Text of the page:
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Death Quotes

26 of the best book quotes about death
  1. #1
    “Do not pity the dead, Harry, pity the living, and above all those who live without love.”
  2. #2
    “To the well-organized mind, death is but the next great adventure.”
  3. #3
    “We slowly drove – He knew no haste”
  4. #4
    “Because I could not stop for Death.”
  5. #5
    “Death is like the insect
    Menacing the tree,
    Competent to kill it,
    But decoyed may be.”
  6. #6
    “Deserves it! I daresay he does. Many that live deserve death. And some that die deserve life. Can you give it to them? Then do not be too eager to deal out death in judgement. For even the very wise cannot see all ends.”
  7. #7
    “It hurts to live after someone has died. It just does. It can hurt to walk down a hallway or open the fridge. It hurts to put on a pair of socks, to brush your teeth. Food tastes like nothing. Colors go flat. Music hurts, and so do memories. You look at something you’d otherwise find beautiful—a purple sky at sunset or a playground full of kids—and it only somehow deepens the loss. Grief is so lonely this way.”
  8. #8
    “He kills her in her own humor.”
  9. #9
    “To be, or not to be: that is the question:
    Whether ‘tis nobler in the mind to suffer
    The slings and arrows of outrageous fortune,
    Or to take arms against a sea of troubles,
    And by opposing end them? To die: to sleep;
    No more; and by a sleep to say we end
    The heart-ache and the thousand natural shocks
    That flesh is heir to, ‘tis a consummation
    Devoutly to be wish’d. To die, to sleep;
    To sleep: perchance to dream: ay, there’s the rub;
    For in that sleep of death what dreams may come
    When we have shuffled off this mortal coil,
    Must give us pause: there’s the respect
    That makes calamity of so long life;
    For who would bear the whips and scorns of time,
    The oppressor’s wrong, the proud man’s contumely,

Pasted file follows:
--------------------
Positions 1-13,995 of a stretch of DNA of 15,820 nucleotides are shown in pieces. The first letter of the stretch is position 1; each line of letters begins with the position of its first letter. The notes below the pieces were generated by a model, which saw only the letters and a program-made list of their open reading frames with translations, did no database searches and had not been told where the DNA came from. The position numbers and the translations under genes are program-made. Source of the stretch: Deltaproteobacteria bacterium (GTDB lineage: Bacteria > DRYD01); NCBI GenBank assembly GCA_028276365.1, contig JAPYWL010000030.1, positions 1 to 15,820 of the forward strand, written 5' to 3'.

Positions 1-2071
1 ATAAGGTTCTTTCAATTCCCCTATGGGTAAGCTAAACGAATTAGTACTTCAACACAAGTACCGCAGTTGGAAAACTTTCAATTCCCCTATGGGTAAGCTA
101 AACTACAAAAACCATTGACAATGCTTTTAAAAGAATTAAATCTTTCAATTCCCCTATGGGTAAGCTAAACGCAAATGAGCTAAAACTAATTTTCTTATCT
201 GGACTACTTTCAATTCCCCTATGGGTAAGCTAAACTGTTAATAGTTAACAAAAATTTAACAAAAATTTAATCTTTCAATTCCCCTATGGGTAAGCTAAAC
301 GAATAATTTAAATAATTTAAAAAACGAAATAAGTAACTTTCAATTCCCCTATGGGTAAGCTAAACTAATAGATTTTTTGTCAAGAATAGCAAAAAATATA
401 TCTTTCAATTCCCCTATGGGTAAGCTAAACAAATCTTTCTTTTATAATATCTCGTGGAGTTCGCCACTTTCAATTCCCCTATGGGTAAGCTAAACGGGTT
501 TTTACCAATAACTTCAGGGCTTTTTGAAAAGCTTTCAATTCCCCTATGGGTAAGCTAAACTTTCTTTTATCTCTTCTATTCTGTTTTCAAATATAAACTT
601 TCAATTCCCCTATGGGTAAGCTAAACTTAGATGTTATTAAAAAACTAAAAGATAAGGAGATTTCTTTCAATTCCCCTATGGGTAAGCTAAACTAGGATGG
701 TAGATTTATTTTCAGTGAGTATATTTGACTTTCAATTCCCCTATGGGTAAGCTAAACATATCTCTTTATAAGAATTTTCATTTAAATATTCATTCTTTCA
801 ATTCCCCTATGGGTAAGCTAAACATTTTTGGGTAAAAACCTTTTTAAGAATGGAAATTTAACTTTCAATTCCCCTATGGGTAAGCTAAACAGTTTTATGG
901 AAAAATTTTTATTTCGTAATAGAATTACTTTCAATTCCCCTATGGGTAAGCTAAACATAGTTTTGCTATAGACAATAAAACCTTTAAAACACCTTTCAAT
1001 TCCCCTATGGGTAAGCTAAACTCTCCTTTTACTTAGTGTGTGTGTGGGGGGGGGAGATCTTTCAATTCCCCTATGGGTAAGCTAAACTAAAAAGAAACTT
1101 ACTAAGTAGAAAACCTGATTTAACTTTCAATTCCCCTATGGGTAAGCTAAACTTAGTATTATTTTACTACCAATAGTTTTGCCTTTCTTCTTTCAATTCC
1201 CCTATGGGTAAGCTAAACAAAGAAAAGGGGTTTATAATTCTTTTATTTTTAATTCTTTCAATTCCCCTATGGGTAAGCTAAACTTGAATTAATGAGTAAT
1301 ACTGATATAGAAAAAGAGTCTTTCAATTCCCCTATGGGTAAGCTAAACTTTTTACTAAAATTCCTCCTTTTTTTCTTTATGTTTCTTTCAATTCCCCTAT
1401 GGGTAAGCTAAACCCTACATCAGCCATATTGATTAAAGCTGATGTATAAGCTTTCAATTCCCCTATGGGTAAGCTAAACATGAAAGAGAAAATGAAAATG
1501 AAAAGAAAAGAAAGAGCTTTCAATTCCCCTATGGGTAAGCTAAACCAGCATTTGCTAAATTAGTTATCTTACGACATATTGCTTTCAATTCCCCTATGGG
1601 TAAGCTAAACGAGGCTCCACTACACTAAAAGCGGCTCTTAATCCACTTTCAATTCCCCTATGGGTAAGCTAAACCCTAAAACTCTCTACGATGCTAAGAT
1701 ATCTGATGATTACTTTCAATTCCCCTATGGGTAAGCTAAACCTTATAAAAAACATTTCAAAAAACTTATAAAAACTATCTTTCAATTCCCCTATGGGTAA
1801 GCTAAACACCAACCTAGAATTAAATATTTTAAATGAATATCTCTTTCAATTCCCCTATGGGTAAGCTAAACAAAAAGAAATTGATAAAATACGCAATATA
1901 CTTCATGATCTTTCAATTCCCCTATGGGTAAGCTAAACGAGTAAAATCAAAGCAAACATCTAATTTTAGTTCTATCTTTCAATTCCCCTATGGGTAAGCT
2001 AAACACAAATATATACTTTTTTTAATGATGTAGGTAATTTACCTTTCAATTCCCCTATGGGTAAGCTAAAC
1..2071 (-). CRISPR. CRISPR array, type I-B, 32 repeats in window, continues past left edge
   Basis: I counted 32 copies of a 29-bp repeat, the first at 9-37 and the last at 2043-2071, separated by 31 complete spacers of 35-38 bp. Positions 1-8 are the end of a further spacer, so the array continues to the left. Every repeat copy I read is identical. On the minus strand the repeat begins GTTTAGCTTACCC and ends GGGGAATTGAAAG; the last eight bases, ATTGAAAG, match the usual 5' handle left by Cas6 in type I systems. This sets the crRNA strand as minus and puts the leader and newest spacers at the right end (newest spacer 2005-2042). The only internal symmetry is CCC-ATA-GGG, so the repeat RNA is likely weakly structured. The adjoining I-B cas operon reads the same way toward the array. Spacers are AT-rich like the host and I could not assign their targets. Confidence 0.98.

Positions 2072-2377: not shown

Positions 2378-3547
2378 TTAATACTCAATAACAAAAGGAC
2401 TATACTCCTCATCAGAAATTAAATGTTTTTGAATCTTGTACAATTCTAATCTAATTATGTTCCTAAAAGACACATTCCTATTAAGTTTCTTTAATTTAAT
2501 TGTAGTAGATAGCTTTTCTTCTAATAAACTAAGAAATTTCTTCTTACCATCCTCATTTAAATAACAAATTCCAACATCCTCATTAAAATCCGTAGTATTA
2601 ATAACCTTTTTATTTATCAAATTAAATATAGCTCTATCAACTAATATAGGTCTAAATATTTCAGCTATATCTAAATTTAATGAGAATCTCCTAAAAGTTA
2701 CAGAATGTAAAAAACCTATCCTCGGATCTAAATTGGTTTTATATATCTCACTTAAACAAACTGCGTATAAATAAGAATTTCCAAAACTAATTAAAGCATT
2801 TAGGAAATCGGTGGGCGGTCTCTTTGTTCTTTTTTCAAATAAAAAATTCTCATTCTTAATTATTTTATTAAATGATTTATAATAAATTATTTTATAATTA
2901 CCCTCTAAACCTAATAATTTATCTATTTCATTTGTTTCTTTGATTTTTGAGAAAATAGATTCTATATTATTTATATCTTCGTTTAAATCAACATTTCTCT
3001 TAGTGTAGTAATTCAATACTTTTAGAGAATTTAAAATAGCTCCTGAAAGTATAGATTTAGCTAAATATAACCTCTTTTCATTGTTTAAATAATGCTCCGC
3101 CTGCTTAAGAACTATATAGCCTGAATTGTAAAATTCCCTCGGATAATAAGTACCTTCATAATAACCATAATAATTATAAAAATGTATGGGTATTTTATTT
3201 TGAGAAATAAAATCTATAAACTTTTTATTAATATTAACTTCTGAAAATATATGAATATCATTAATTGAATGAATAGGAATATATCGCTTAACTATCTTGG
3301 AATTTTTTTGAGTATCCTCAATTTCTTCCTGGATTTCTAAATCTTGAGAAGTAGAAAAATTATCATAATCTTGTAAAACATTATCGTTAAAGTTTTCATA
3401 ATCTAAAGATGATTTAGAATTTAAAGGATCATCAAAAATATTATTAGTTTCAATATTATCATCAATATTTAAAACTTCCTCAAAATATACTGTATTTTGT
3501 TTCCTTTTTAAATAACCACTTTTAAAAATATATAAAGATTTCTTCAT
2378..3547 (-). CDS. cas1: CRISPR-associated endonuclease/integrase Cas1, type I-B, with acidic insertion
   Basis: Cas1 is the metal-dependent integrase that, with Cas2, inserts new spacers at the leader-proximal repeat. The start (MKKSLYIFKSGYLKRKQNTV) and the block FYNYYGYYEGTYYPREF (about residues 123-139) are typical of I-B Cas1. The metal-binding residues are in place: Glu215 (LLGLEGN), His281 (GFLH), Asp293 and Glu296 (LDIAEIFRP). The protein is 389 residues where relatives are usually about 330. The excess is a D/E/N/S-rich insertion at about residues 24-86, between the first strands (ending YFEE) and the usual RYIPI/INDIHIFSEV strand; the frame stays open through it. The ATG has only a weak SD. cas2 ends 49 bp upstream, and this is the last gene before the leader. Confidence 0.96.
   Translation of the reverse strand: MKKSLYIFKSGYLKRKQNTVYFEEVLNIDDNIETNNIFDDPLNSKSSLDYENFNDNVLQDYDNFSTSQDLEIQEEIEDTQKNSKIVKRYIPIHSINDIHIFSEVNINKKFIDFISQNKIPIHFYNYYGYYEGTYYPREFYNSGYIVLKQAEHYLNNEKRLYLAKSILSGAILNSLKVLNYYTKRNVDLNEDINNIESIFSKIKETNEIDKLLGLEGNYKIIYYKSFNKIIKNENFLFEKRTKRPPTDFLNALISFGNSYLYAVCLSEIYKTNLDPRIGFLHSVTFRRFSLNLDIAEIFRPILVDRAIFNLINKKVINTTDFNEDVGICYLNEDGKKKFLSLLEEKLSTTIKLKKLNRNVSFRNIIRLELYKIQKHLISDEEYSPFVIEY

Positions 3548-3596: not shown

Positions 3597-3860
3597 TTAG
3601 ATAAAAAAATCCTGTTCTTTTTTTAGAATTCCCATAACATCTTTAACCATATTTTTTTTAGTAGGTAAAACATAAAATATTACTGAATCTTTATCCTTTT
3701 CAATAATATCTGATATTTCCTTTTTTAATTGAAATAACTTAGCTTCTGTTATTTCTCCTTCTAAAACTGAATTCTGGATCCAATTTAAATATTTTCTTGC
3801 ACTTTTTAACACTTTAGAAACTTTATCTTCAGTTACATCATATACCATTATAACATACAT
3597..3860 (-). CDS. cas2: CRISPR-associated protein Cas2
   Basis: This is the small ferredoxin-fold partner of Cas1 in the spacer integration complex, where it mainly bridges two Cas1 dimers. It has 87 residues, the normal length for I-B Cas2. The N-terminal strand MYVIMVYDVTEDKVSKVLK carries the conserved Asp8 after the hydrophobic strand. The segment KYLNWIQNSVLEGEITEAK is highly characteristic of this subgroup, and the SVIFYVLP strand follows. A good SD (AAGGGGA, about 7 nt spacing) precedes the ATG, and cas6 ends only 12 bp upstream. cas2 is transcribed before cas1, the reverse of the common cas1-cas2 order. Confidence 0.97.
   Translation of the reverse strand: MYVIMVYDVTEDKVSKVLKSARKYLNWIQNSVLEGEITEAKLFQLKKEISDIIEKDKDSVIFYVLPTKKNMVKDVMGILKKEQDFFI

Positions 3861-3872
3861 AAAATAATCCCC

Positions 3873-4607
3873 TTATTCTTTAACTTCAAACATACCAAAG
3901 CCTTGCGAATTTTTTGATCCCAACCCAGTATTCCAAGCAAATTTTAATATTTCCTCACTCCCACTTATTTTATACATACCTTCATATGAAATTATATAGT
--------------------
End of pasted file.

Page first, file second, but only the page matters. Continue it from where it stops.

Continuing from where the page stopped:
The pangs of despised love, the law’s delay,
    The insolence of office and the spurns
    That patient merit of the unworthy takes,
    When he himself might his quietus make
    With a bare bodkin? who would fardels bear,
    To grunt and sweat under a weary life,
    But that the dread of something after death,
    The undiscover’d country from whose bourn
    No traveller returns, puzzles the will
    And makes us rather bear those ills we have
    Than fly to others that we know not of?
    Thus conscience does make cowards of us all;
    And thus the native hue of resolution
    Is sicklied o’er with the pale cast of thought,
    And enterprises of great pith and moment
    With this regard their currents turn awry,
    And lose the name of action.--Soft you now!
    The fair Ophelia! Nymph, in thy orisons
    Be all my sins remember’d!”
    author
    Shakespeare
    book
    Hamlet
    concepts
    LifeDeath
  10. #10
    “To die, to sleep -
    To sleep, perchance to dream - ay, there’s the rub,
    For in this sleep of death what dreams may come...”
  11. #11
    “These violent delights have violent ends
    And in their triump die, like fire and powder
    Which, as they kiss, consume.”
  12. #12
    “The Carriage held but just Ourselves –
    And Immortality.”
  13. #13
    “To die will be an awfully big adventure.”
  14. #14